a) Hillary is on her way out
b) the US election is not a done deal yet
c) the US is not really paying, if you order you also are supposed to pay, no?
d) I think Turkey thought about Syrian air defenses when their plane was downed - it would cost them a lot of pilots, that would be politically unsustainable
e) Erdogans constituency which is the lower to middle business class love Saudi - and Quatari - money but hate to lose business - and they lost a lot by losing their trade route through Syria
f) Erdogans constituency is sure conservative, I somehow do not think they appreciate Salafis
g) I guess THE_47th is trying to boost morale nothing else
h) somehow I doubt Syrian defectors defected to fight ...
g) Iran and Turkey are co-dependent, so their relationship might survive strain over Syria, as the Hürriyet article states there might be problems via Iraq though
... and so on and so on ... not least Syrian rebels are payed by different interests so if there is not on source of income it is unlikely their command will unite
plus this here
Barzani and PYD

Posted by: somebody | Aug 8 2012 12:34 utc | 5

We are dangerously heading for a region wide sectarian war throughout the ME - thanks to to the policies of "Mr Zero-problem", the puritan Saudis and the Qataris. What they seem to have forgotten is that a sectarian war that engulfs Syria will engulf Turkey, Iraq, Bahrin, Saudi, Lebanon, Pakistan, UAE to name a few. Its more of a danger for the allies of US then a stick to be used against Syria and Iran.

Turkey finds itself in the position of Pakistan in the 1980s - a country full of foriegners - both Western and Eastern - who are trying to destroy a state and govt. hoping for something that will be in their control. Look how Afghanistan and Pakistan ended up in.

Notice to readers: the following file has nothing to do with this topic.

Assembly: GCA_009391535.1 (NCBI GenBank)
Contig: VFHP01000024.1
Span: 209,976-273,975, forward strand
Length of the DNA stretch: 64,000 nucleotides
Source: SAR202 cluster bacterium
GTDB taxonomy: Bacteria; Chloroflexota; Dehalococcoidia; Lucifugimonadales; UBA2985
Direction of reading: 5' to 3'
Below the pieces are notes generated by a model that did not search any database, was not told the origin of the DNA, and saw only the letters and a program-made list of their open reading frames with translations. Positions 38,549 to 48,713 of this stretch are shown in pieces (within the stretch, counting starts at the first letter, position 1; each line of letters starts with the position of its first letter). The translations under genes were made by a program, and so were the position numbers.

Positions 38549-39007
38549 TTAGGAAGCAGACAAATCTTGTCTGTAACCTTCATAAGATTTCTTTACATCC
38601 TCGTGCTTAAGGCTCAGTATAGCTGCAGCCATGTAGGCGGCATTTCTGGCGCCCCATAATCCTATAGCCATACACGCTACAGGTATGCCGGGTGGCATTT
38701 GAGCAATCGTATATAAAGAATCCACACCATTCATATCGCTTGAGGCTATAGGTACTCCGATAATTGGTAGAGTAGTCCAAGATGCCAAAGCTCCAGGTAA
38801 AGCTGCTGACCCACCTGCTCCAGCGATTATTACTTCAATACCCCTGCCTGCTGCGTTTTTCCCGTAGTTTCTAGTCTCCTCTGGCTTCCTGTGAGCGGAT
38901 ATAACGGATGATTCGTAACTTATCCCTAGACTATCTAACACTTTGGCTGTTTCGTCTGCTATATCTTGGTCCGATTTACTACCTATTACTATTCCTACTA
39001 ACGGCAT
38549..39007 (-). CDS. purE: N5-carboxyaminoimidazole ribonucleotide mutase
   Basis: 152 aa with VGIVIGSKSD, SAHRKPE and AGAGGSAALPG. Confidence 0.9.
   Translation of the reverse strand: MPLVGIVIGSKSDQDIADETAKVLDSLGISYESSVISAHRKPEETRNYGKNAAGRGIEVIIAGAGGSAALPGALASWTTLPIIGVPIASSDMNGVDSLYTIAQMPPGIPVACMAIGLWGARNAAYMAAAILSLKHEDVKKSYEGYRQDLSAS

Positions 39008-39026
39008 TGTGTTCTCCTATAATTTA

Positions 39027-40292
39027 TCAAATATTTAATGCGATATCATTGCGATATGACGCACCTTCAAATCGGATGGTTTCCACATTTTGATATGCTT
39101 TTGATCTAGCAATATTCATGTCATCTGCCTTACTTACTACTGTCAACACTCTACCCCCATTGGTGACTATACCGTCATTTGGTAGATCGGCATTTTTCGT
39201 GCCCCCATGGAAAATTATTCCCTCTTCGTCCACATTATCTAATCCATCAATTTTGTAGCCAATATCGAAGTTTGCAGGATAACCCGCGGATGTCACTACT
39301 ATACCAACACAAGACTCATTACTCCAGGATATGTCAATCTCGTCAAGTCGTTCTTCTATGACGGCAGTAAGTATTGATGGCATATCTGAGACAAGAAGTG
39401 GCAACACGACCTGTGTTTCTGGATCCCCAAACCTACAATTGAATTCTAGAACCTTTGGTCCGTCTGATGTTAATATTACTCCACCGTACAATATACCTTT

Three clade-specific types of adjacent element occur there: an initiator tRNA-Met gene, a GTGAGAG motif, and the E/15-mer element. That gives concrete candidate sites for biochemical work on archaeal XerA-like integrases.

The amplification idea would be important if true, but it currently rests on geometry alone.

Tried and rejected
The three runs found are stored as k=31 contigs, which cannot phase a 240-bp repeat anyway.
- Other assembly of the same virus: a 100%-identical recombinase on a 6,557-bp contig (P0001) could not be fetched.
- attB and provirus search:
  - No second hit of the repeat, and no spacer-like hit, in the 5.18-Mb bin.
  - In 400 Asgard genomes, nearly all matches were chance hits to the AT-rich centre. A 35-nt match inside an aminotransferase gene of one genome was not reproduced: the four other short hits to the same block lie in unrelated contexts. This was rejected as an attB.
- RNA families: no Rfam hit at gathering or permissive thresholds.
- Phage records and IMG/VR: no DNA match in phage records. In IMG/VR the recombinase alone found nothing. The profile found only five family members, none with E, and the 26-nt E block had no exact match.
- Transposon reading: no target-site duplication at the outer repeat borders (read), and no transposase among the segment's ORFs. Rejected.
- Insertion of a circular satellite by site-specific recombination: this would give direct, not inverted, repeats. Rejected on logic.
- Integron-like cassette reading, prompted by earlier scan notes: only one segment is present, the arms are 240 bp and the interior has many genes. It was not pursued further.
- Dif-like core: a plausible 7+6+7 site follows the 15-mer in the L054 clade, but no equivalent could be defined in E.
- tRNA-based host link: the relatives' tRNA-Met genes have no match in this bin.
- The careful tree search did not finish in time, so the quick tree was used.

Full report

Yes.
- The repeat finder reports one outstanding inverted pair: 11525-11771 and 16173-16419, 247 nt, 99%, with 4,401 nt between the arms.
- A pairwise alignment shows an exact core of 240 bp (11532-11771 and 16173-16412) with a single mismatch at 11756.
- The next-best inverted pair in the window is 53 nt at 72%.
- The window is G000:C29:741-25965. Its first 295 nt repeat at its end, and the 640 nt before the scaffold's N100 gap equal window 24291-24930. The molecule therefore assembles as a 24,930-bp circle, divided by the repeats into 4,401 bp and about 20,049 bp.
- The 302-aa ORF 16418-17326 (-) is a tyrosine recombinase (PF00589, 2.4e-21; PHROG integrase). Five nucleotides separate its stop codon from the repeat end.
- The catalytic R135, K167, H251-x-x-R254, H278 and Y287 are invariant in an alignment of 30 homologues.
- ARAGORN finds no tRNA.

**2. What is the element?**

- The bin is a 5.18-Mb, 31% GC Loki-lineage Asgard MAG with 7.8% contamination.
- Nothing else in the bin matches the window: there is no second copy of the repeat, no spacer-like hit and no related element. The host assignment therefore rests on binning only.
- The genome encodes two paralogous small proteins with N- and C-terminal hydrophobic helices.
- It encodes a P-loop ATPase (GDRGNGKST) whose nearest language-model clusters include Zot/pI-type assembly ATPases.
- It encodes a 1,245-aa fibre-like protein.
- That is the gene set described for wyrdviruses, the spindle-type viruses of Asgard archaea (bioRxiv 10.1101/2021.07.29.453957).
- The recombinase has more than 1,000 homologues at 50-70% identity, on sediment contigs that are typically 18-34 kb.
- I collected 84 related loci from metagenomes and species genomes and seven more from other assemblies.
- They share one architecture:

Posted by: Irshad | Aug 8 2012 12:37 utc | 6

Turkey may be the weak point in the Alliance for the Islamic Jihad Against Shiites but that doesn't means that the Turkish army, as weakened politically as it may be, is going to mount a coup any time soon. For starters the Turkish army has been historically beholden to the US command, so I see no reason why they would just ignore 'orders from above' and support whatever policy is imposed from their original bosses, whatever madness Erdogan is shouting at the moment.

They may also see a benefit on letting Erdogan run his blatantly sectarian international policy until the bitter end. That's very likely to remove support from their popular bases and increase the chances of a 'democratic transition' to a government of the Kemalist secular parties.

Iran, due to the current economic sanctions, may be also unable to hit back Turkey economically. If Turkey remains as one of their fews channels to imports and exports it would just be helping US attempts at isolation.

Iraq has more chances to pressure Turkey by just cutting all oil shipments to Ceyhan but as I they may need all their oil revenue they aren't very likely to do so. They could still use their southern oil terminal but reducing their current export rate. I don't know though what the Kurdish Region controlled by Barzani may do, he seems to be way too cozy with the Turks now. That's not strange, Kurdish factions have been allies of one or another regional power all the time while backstabbing other Kurdish factions.

So other than war the most likely approach will be covert support to the PKK and other Kurdish rebel groups to bow down the Turkey army and hit politically Erdogan's policies.

Posted by: ThePaper | Aug 8 2012 12:40 utc | 7

My guess is that 'Turkey's interests' are not 'Turkey's interests' but Erdogan's and his party Islamic, neo-Othoman or neo-Caliphate interests. Politicians and rulers in power tend to confound their interests with their nations interests.